Kosovo's parliament overwhelmingly approved the formation of an army, a move that has angered Serbia which says it would threaten peace in the war-scarred region.
All 107 lawmakers present in the 120-seat parliament on Friday voted in favor of passing three draft laws to turn the existing 4,000-strong Kosovo Security Force into a regular, lightly armed army.
"This vote today begins a new era for our country. From this moment we officially have the army of Kosovo," parliamentary speaker Kadri Veseli said as MPs hugged each other after the session, which was boycotted by minority Serb politicians.
The vote will delight many Kosovo Albanians, who are ready to celebrate the army as a new pillar of their independence, which was declared in 2008.
"Now we can say that we are a state, there is no a state without an army," Skender Arifi, a 37-year-old hairdresser in Pristina, told French Press Agency (AFP) ahead of the vote.
Speaking after the vote, Serbia's Prime Minister Ana Brnabic said the formation of an army in Kosovo goes against efforts at stability in the volatile Balkans.
"Serbia will try to continue on the path of peace and stability, the road of prosperity." Brnabic adds that "we should sit down and talk about building a better future," Brnabic said.
"Today is not the day that contributes to cooperation and stability in the region," she added.
Serbia doesn't recognize Kosovo's declaration of independence and has been fiercely opposed to the formation of the Kosovo army, saying it threatens the Serb minority.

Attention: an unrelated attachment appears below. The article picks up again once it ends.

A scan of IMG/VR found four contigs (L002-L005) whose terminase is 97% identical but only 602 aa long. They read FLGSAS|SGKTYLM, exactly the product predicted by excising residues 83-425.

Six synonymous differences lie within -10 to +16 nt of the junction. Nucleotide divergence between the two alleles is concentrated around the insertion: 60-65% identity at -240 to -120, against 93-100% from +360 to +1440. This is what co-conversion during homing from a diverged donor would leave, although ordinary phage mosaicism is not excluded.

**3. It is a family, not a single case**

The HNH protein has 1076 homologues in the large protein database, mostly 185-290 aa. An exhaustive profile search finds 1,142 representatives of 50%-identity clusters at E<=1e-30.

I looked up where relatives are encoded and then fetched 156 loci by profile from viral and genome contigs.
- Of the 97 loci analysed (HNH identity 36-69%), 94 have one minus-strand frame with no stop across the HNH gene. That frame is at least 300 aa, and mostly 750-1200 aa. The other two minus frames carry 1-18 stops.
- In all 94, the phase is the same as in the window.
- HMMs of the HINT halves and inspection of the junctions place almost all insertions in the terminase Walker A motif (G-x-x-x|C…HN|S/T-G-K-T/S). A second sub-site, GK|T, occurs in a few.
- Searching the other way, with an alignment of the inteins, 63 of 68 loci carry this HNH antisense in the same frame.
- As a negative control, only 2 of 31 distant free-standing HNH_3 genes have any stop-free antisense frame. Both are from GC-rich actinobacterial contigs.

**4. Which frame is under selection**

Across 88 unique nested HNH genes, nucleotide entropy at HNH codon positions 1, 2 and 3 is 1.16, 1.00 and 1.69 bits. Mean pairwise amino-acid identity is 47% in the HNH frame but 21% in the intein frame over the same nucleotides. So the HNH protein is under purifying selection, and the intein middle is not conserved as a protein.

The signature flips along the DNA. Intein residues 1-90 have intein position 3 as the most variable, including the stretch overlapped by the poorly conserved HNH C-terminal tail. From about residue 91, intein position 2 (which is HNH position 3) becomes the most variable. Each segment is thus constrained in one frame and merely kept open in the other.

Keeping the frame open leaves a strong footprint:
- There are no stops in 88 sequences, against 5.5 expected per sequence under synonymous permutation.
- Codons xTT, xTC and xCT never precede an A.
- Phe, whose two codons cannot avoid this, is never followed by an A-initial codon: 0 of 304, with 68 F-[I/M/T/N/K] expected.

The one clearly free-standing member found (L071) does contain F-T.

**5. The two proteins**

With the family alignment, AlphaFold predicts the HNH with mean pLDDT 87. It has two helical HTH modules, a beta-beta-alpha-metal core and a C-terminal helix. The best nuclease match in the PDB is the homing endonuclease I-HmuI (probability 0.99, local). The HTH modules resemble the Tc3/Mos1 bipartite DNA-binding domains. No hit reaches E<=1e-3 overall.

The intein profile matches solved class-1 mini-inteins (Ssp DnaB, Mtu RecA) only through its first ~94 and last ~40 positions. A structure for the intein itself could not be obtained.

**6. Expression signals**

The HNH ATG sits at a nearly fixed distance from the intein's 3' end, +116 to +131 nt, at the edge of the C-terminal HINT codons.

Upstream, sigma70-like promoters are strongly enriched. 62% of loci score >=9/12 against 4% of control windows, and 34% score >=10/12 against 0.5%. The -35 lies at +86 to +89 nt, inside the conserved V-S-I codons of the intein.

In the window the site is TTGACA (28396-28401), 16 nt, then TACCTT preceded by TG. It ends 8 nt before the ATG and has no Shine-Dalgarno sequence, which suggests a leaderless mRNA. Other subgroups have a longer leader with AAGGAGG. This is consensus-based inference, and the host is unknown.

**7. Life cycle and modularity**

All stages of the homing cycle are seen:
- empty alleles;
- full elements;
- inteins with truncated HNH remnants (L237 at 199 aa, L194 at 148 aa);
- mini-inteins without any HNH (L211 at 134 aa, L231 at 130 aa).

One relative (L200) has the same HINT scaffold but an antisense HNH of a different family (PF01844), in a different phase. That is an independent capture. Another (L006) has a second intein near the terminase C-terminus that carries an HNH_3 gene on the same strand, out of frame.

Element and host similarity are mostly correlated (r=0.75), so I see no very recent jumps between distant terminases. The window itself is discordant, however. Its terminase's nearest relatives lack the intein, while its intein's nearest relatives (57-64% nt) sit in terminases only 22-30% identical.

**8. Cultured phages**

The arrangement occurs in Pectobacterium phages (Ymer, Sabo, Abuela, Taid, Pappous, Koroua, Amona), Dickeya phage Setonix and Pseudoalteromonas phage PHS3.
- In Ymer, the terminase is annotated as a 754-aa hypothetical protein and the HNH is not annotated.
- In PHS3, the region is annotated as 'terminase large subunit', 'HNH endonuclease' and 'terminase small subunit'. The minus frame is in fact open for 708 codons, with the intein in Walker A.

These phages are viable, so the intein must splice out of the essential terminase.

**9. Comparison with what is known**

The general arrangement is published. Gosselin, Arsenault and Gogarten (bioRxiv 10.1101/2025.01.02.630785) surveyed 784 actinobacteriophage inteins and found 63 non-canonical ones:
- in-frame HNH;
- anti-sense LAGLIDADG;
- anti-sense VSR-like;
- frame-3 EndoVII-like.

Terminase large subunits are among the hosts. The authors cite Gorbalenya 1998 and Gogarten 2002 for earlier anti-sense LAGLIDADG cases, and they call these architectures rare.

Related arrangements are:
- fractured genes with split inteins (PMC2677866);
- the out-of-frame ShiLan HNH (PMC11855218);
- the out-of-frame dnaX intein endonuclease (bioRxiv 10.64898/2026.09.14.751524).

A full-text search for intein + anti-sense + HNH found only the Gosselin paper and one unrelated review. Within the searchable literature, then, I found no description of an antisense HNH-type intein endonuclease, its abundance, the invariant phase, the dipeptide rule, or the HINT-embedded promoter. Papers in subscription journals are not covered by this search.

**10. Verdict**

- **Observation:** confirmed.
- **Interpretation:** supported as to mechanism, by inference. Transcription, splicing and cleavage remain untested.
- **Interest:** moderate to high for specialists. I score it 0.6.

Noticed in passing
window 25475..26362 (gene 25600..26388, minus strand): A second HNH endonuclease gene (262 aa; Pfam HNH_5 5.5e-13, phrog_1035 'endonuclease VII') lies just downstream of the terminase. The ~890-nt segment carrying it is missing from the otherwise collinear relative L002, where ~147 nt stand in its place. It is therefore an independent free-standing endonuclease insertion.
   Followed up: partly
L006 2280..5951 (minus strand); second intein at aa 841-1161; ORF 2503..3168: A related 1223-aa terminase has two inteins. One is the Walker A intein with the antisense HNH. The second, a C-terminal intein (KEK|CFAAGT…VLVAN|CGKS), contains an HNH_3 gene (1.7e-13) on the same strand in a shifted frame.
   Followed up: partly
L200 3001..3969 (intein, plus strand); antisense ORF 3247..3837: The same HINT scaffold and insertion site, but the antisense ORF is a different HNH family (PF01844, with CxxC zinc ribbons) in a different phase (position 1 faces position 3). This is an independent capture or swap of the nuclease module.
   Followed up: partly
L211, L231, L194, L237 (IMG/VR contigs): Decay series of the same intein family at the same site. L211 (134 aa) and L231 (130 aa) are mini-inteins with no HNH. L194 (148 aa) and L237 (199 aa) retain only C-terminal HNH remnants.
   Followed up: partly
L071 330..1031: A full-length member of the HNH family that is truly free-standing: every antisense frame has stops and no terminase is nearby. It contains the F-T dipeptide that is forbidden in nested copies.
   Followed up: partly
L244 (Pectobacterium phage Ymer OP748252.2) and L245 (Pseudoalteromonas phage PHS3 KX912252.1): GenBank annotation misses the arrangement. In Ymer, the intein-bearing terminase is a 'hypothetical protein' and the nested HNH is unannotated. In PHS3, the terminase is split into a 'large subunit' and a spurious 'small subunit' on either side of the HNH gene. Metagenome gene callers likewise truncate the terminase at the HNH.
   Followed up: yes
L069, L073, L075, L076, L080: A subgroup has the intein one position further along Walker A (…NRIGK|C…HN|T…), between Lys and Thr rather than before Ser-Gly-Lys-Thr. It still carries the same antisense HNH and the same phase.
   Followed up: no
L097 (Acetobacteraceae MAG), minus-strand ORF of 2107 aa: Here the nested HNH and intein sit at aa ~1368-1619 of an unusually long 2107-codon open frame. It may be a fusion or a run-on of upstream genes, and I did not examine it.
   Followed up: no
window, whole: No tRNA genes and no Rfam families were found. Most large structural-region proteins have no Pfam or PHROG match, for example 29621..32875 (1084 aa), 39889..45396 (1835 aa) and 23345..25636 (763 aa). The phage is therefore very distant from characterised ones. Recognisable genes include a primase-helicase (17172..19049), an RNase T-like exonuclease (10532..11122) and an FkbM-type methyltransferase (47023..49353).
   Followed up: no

Meanwhile, the United States hailed the vote to form a new army as a first step and reaffirmed "its support for the gradual transition ... to a force with a territorial defense mandate, as is Kosovo's sovereign right."
A U.S. Embassy statement in Pristina urged Kosovo to continue "close coordination with NATO allies and partners and to engage in outreach to minority communities."
The statement also said "regional stability requires that Kosovo make genuine efforts to normalize relations with its neighbor Serbia, and we encourage both sides to take immediate steps to lower tensions and create conditions for rapid progress on dialogue."
NATO chief Jens Stoltenberg warned that the alliance will "re-examine" its role in Kosovo.
"NATO supports the development of the Kosovo Security Force under its current mandate. With the change of mandate, the North Atlantic Council will now have to re-examine the level of NATO's engagement with the Kosovo Security Force," Stoltenberg said.
NATO-led peacekeeping forces have guarded Kosovo since it broke away from Serbia in a bloody war in 1998-99.